I was first drawn to her twitter name: @WaterBaker. How interesting, I thought. When one bakes water, one ends up with nothing, yet when I read her words they were poetic and clever: definitely a beautiful something! I later discovered that Arushi Nayar was an amazing multi-talented artist, guitarist, and poet. Our exchanges of creativity and words led to friendship.
After Moon Full of Moons was published, Arushi requested that I send a signed copy to her in Delhi, India. As we chatted about the book, I said how much I loved her paintings. The Great Art Swap was born! Arushi graciously offered to create a painting for me that would be small enough to send halfway around the world: from India to the United States.
Mailing internationally can be challenging. Shipping a book was one thing, but shipping a piece of fine art required ingenuity. Just then, her friend Danixia Cuevas kindly agreed to put the carefully-wrapped painting in her luggage as she traveled from Delhi to Florida. From Florida, Danixia sent it via postal mail to me. (Thank you so much, Danixia!)
When the painting arrived, I was speechless. Even now, I cannot find words to describe the incredible beauty of this painting or how deeply touched I am by the story of how this came to be in my home. It’s a painting of the Full Moon.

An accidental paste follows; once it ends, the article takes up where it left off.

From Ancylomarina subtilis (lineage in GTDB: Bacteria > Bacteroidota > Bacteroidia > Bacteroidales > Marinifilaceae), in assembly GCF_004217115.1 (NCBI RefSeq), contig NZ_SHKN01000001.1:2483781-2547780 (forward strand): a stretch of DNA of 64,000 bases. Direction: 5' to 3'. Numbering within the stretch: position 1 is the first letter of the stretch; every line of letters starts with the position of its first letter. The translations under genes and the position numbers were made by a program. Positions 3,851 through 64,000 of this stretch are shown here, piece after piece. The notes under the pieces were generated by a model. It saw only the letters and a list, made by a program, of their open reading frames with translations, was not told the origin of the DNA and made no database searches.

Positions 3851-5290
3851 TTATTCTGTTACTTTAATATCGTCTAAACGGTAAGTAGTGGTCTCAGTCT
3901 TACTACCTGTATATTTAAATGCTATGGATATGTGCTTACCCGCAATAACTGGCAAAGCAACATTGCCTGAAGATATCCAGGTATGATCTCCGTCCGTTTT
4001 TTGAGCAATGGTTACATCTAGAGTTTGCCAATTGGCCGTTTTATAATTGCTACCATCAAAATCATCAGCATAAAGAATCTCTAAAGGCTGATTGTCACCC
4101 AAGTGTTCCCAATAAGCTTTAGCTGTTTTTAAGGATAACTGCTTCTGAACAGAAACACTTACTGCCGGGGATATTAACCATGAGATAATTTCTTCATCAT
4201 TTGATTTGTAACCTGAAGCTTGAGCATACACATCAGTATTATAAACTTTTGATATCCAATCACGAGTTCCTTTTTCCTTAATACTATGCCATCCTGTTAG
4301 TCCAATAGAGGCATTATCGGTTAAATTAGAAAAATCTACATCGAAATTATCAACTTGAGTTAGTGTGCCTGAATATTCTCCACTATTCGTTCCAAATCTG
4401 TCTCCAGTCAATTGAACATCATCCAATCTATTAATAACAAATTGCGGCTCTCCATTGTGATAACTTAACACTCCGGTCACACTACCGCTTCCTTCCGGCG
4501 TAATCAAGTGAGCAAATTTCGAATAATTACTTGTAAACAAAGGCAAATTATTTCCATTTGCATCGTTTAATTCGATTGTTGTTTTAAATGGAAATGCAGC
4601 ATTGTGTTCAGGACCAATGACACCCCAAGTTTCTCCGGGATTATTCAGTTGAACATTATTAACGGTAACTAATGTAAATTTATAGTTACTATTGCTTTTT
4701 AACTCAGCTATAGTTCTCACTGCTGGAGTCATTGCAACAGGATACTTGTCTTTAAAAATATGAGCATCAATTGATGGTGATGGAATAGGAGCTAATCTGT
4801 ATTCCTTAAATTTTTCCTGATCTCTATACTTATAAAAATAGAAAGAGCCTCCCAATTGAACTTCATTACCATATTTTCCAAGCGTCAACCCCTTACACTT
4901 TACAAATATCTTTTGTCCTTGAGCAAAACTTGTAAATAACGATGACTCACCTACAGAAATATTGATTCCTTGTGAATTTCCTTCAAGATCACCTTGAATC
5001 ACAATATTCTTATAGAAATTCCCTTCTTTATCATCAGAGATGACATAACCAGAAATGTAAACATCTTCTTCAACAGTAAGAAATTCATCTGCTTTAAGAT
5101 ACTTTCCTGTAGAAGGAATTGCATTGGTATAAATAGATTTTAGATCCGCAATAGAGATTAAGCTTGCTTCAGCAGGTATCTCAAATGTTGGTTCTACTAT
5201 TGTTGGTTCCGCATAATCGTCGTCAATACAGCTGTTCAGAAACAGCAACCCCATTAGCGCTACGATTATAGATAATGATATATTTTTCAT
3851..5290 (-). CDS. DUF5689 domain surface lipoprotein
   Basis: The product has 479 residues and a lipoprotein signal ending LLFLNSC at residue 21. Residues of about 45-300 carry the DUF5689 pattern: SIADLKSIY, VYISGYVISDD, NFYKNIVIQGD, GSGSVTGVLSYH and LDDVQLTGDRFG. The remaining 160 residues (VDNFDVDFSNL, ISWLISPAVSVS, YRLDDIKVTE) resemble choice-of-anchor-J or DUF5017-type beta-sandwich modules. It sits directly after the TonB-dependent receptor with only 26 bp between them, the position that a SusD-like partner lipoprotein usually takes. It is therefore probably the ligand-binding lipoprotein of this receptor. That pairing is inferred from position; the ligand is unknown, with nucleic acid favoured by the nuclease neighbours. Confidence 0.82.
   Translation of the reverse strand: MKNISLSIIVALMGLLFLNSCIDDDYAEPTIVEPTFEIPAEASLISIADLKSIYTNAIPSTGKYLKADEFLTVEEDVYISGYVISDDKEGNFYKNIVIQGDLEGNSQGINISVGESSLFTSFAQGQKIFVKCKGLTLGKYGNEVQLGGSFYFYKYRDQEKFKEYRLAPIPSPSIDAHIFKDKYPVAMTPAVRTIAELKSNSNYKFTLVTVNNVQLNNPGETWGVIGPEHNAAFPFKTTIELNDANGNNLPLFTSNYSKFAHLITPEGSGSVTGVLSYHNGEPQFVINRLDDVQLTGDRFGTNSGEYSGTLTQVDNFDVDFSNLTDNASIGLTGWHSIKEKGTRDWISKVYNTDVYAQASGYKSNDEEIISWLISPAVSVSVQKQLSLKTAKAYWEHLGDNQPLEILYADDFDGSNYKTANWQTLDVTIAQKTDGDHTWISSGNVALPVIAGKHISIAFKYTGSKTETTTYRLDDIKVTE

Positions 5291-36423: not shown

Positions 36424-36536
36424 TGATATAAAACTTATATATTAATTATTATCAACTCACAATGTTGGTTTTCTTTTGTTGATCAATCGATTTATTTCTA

The painting literally leaps from the canvas with perfect, lush impasto. It’s a painting that one could fall into.
Arushi says about the piece, “The poetry in the book resonated deeply with me. So it was only natural to paint the full moon. I don’t know if it’s just the lighting in my room, but I found when the painting was high up and far from where we stood, in sufficient lighting, it seemed almost as though it was luminous – radiating light from within the painting. I love how art does these unexpected things.”
(She’s right. Her painted Moon IS luminous. I wish the beauty of it could be fully appreciated here.)
In Moon Full of Moons, the Full Moon symbolizes happiness. There are two chapters named after the Full Moon: one describing an easy, innocent happiness like that of childhood, and a second describing a hard-won happiness, like a happiness chosen after times of sadness. To me, Arushi’s painting depicts the symbol of the book: it reminds me to be happy! I hope she knows that by giving the Full Moon, the light of it cycles shine back to her as well.
Arushi launched a website showcasing her art: Art by Arushi. Add some beauty to your day and check out her collection of paintings on her online art gallery. I hear they are ready to spread their wings and fly to a new nest!
When I can, I try to find a nugget of human commonality between the words I write. I like to tell you about me in a way that I am actually telling you about all of us.
Although I am reluctant to tether a poem with too many ropes, I thought it would be fun to share and discuss a poem from my book Moon Full of Moons. Below is “Still Life”.
I am a snapshot of now,